PREMIER was a randomized trial that tested whether counseling to make simultaneous lifestyle changes could prevent or control high blood pressure. High blood pressure is a major risk factor for heart disease and the chief risk factor for stroke.
The study began in 1998 and enrolled 810 adults with above-optimal blood pressure and who were not taking antihypertensive medications. Participants were randomly assigned to one of three intervention groups: Advice-Only, Established, and Established Plus DASH. All three groups received printed materials about blood pressure and lifestyle. In addition, those in the Advice-Only group received a 30-minute individual session with a nutritionist, which did not include counseling on how to make behavior changes. Participants in the Established group were counseled over 6 months to keep track of their diet, including calorie and sodium consumption, and their physical activity. Those in the Established Plus DASH group had the same intervention as the Established group, but also were taught to follow the DASH diet, which is rich in fruits, vegetables, and low fat dairy products.
After 6 months, blood pressure levels declined in all three groups but the reduction was significantly more in the groups receiving behavioral counseling and largest in the Established Plus DASH group. The results of the study indicated that adults with above-optimal blood pressure, including stage 1 hypertension, can make multiple lifestyle changes that lower blood pressure and reduce their risk of heart disease.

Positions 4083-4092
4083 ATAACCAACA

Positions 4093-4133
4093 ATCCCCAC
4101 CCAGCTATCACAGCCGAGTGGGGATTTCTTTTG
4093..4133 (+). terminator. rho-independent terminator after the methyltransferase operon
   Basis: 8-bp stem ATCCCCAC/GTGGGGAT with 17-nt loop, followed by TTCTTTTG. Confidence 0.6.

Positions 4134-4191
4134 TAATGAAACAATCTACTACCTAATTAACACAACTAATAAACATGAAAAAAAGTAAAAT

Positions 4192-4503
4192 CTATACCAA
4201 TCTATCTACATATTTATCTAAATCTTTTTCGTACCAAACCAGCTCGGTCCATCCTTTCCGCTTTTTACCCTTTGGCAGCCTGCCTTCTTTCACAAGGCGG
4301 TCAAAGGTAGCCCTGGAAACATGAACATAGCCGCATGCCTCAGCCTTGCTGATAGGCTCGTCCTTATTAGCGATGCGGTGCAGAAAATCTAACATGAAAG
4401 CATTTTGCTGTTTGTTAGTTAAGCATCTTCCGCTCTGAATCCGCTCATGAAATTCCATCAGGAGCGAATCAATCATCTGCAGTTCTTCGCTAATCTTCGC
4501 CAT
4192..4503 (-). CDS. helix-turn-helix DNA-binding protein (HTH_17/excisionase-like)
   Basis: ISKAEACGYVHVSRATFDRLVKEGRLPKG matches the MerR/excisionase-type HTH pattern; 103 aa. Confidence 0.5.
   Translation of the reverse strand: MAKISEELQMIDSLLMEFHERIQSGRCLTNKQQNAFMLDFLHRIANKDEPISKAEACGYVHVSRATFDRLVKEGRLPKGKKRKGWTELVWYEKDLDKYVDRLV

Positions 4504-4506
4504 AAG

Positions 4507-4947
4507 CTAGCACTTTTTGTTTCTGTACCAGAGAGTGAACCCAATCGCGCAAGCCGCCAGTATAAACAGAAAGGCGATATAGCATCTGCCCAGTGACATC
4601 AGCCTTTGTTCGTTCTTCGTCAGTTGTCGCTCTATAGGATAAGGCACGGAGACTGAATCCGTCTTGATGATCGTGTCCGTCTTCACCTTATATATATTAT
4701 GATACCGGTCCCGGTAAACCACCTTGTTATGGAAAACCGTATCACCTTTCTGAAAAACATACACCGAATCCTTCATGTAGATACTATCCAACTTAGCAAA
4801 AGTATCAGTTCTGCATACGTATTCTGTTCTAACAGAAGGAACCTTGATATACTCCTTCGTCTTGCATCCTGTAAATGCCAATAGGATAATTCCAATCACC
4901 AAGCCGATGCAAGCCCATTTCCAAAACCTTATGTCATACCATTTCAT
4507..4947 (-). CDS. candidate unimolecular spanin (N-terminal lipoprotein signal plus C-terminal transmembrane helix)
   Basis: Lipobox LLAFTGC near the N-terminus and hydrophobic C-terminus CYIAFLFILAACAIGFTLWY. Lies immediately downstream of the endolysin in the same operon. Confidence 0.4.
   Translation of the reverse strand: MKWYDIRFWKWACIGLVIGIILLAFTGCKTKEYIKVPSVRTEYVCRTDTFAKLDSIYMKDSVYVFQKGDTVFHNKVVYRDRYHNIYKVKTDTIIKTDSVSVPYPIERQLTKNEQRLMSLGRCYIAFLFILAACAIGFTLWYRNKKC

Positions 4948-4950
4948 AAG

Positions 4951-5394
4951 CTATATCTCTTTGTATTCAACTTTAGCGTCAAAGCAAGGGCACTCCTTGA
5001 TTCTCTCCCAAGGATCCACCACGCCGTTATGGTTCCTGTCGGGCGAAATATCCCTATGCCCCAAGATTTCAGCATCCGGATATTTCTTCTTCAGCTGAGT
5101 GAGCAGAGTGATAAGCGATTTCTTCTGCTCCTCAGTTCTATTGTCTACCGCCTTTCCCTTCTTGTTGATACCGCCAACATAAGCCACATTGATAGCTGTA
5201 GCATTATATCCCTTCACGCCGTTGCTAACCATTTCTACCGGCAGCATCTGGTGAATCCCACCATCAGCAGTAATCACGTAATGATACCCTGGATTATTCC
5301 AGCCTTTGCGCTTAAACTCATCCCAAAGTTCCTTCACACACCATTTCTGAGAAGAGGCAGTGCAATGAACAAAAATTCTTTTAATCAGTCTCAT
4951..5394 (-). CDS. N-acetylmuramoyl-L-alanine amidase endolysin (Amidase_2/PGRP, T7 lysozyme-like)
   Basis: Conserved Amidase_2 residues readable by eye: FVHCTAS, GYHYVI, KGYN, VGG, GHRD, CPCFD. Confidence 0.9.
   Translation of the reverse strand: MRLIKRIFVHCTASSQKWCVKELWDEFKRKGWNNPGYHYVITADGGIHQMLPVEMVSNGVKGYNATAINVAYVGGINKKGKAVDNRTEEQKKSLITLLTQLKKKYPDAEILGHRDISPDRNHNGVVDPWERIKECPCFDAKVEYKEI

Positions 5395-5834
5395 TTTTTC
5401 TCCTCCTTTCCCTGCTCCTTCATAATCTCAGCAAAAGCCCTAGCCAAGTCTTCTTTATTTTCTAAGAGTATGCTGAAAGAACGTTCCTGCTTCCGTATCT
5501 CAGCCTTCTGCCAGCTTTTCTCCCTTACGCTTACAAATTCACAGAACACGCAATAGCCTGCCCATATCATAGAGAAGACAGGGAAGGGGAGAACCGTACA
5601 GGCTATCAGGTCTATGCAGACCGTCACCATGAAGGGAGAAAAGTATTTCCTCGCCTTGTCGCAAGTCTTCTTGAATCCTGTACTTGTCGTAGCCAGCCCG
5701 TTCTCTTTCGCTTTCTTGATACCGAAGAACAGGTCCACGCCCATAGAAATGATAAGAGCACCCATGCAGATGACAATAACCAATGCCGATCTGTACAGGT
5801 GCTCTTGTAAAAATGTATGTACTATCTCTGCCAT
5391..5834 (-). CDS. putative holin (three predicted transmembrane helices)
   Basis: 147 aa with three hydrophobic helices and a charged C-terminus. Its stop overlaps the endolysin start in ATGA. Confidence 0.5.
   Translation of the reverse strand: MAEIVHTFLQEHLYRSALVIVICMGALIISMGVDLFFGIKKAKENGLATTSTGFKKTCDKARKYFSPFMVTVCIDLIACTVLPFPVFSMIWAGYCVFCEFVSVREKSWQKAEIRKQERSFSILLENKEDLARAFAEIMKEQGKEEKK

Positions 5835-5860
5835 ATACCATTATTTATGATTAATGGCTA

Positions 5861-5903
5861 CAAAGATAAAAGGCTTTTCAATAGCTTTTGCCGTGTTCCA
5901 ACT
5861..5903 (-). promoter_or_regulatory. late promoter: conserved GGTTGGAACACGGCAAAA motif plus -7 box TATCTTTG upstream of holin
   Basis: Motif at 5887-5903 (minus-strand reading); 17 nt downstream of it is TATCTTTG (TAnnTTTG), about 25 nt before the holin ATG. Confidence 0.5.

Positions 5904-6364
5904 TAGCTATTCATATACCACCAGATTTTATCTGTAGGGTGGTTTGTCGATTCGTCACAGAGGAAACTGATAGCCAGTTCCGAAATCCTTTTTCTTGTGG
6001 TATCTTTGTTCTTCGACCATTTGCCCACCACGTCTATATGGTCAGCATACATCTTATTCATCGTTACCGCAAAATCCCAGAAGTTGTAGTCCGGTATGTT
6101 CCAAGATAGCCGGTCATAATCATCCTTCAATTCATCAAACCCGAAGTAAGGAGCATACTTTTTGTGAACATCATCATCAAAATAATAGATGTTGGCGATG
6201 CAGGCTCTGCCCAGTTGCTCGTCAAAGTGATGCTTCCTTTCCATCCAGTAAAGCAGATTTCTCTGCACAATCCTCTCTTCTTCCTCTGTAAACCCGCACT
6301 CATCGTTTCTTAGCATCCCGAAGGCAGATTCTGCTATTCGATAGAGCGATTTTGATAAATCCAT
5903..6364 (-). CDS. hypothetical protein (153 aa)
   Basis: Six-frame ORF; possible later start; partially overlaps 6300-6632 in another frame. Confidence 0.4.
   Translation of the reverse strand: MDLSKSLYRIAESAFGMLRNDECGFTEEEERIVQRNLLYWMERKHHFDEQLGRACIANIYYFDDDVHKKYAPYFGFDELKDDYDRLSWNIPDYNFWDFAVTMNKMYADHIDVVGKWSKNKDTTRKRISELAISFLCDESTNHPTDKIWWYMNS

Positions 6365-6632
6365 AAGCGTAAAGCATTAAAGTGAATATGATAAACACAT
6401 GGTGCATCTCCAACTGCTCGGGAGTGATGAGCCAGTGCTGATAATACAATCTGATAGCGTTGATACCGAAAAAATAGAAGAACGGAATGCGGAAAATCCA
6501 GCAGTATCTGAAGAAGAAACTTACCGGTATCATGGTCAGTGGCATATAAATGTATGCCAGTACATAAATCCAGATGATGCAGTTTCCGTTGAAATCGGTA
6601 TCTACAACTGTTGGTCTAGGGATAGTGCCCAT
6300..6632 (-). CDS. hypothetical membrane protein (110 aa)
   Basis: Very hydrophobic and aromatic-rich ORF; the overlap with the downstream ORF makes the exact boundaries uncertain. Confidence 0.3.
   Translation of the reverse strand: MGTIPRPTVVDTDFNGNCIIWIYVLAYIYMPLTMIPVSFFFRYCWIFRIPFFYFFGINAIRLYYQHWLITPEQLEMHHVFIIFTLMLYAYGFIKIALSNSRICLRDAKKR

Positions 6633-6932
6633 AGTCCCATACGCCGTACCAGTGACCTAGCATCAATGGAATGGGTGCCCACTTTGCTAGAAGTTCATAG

PREMIER was conducted at four clinical centers in Baltimore, Baton Rouge, Durham, and Portland. More information on the DASH eating plan is available at: http://www.nhlbi.nih.gov/health/public/heart/hbp/dash/index.htm
Appel LJ, Champagne CM, Harsha DW, et al. Effects of comprehensive lifestyle modification on blood pressure control: main results of the PREMIER clinical trial. JAMA 2003;289:2083-93.
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NHLBI Study Finds All-in-one Approach to Lifestyle Changes Effectively Lowers Blood Pressure
Last Updated March 2011